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Tips for Installing an Incline Lift

Don't skip any steps when installing a hillside helper

By Christy Heitger
Published: May 1, 2008

One reason Vito Manone purchased his vacation home, located just north of Chicago, was the mesmerizing view. The 7,000-square foot home sits on a 95-foot high bluff overlooking Lake Michigan. Gazing out at the sparkling water was a dream.

But — getting down to it was a nightmare — and some cause for drama. It meant precariously traversing 100 steep stairs straight down to the water — a dreaded task for immediate family and impossible for grandchildren and elderly relatives.

“One missed step would have spelled disaster,” says Manone.

Despite owning three acres of property, only the two acres up on top were accessible. The one acre of bluff and beach couldn’t be reached easily, nor could the beach house that sat down by the water.

Something had to be done. An incline lift seemed like the perfect solution. Manone’s neighbor had installed one without proper permits and subsequently incurred a hefty fine. Lesson learned. Manone opted to follow the rules.

Getting permission

All lift installations require at least a building permit; some also require an electrical permit. The permitting process varies from one week to several months depending on the stringency of codes in a particular area. States such as Michigan, Minnesota and parts of California have implemented strict safety and liability requirements like emergency stops and track bumpers.

Becky Hoefs of Marine Innovations says, “Even though we make this process easy, there may be steps that a client must complete before the incline elevator can be set in place.”

These steps may include satisfying zoning ordinances such as setbacks from water or providing vegetative screening for the car’s landing area. A township may require a simple application be filled out. Some cabin owners may have to work with their state’s natural resources department, the Army Corps of Engineers, the Environmental Protection Agency, the National Scenic River Authority – or not.

“The customer should ask the manufacturer/sales rep in the area to guide them through the process,” says Fred Sulzbach of Door to Shore Inc. “Working with a seasoned expert both encourages progress and eases customer frustration.”

For Manone, that seasoned expert was Jon Shabica, an associate with a consulting firm in Chicago who handles permitting issues for customers seeking access to environmentally sensitive shorelines.

“Jon dealt with all of the bureaucratic red tape,” says Manone. “He got us through the application process, satisfied the issues of the zoning board, as well as other things such as soil testing to prove the bluff was stable.”

Informing thy neighbor

Red tape and permitting headaches are certainly annoying, but perhaps those who have the ability to complicate the process more than anyone else are unhappy (and often uninformed) neighbors who are opposed to the installation of a lift.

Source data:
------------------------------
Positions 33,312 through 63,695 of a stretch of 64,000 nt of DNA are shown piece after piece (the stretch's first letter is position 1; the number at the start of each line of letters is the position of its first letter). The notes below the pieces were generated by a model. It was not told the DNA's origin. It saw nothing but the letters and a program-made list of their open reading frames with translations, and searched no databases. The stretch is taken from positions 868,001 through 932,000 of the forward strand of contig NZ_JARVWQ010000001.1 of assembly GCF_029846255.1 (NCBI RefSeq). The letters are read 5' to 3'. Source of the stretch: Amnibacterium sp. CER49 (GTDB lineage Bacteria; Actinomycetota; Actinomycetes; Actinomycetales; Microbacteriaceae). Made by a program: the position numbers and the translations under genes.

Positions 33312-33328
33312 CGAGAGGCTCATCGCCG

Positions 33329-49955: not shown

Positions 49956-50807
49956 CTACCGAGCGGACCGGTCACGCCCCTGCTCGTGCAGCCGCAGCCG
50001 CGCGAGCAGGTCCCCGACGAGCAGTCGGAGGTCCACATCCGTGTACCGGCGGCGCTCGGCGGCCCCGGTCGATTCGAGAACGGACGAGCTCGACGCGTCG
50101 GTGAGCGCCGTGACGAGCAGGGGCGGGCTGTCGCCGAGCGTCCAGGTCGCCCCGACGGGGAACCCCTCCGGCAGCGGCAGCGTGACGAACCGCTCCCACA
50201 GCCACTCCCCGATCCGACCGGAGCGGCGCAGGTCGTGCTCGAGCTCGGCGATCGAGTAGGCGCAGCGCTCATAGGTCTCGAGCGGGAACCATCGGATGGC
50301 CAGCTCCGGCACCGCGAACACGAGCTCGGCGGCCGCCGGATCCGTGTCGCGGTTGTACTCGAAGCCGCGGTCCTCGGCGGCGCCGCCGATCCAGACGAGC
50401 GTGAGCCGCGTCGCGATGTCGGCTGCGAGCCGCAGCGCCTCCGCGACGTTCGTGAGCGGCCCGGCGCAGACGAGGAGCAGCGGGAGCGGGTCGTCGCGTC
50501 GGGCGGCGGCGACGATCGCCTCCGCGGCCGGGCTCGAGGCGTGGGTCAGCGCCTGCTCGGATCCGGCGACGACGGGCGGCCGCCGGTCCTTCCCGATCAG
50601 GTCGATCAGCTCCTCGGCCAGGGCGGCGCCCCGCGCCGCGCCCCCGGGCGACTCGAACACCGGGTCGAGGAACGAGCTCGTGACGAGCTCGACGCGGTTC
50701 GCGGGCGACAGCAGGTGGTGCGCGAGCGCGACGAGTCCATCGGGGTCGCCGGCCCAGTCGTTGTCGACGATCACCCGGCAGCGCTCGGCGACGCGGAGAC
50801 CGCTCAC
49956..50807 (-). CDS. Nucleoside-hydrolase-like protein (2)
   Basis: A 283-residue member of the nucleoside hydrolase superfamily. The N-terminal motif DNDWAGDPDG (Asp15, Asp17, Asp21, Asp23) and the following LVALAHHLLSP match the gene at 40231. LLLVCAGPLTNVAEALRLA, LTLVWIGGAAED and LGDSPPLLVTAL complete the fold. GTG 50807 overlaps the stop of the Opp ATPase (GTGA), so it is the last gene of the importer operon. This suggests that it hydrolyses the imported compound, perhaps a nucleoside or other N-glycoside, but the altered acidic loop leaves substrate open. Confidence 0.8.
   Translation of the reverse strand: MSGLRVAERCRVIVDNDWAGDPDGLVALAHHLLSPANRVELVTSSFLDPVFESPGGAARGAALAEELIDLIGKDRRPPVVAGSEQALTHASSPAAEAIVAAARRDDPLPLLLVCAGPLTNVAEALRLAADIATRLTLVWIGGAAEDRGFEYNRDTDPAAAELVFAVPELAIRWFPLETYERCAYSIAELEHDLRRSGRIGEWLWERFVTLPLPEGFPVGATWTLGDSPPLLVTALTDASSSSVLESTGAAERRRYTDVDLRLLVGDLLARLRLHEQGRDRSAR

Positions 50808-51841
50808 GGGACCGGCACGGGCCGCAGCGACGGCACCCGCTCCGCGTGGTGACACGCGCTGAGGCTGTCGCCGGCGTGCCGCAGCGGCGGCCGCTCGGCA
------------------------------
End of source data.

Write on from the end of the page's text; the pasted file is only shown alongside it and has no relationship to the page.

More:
“Chances are this neighbor is envisioning a big, bulky, noisy elevator- looking thing that will wreak havoc on the environment and disturb the tranquil lake atmosphere,” says Joe Steinhaus, owner/partner of Incline Car Systems.

It’s a perception that’s way offbase. In actuality, a tram is less intrusive to the land than stairways because it displaces less dirt and requires putting fewer holes and support posts into the ground. In addition, unlike stairs, natural vegetation can grow below the rail system of a tram.

“These are arguments we use with municipalities, too,” says Shabica. “Due to the fact that coastal erosions are unstable, elaborate excavation is needed to put in stairs – but not with lifts.”

It’s helpful to speak with your neighbors before applying for a permit. Once they learn that the lift is minimally disruptive and intrusive from both an environmental and visual standpoint, and that it runs smoothly and very quietly on ball bearing rubber-tired wheels, they’ll likely have no issues. Maybe they’ll even install one!

Defining necessity

Incline lifts aren’t limited to lakes. Steve Cox of Lake Shore Tram says that a fair amount of his business is providing lifts where driveways can’t go.

“Say someone builds a home on top of a rocky crest of a hill. Often times it’s impossible or cost prohibitive to build a traditional driveway and that’s when they’ll consider a lift, especially one with our newly remodeled car.”

The new cars Cox refers to are the ones that provide handicap accessibility as a standard option and have seats that flip up allowing use of the entire floor space. “It’s great for hauling,” says Cox.

To some, these lifts may seem like nothing more than a luxury. But for the mother of a brand new baby, for the person who can no longer manage steps, for the parent with multiple kids under the age of five, and for the owner whose cabin sits hundreds of feet up from the water, a tram is more than a luxury – it is a necessity.

Vito Manone is one customer who is thrilled that his treacherous trek down to the beach is a thing of the past. Now thanks to his lift, he has more than a great view; he has great fun – right down by the water.

Christy Heitger is certain that the “Hey, would ya mind running back up to the cabin to grab the towel?” requests would be met with less resistance by family members if a tram were available.

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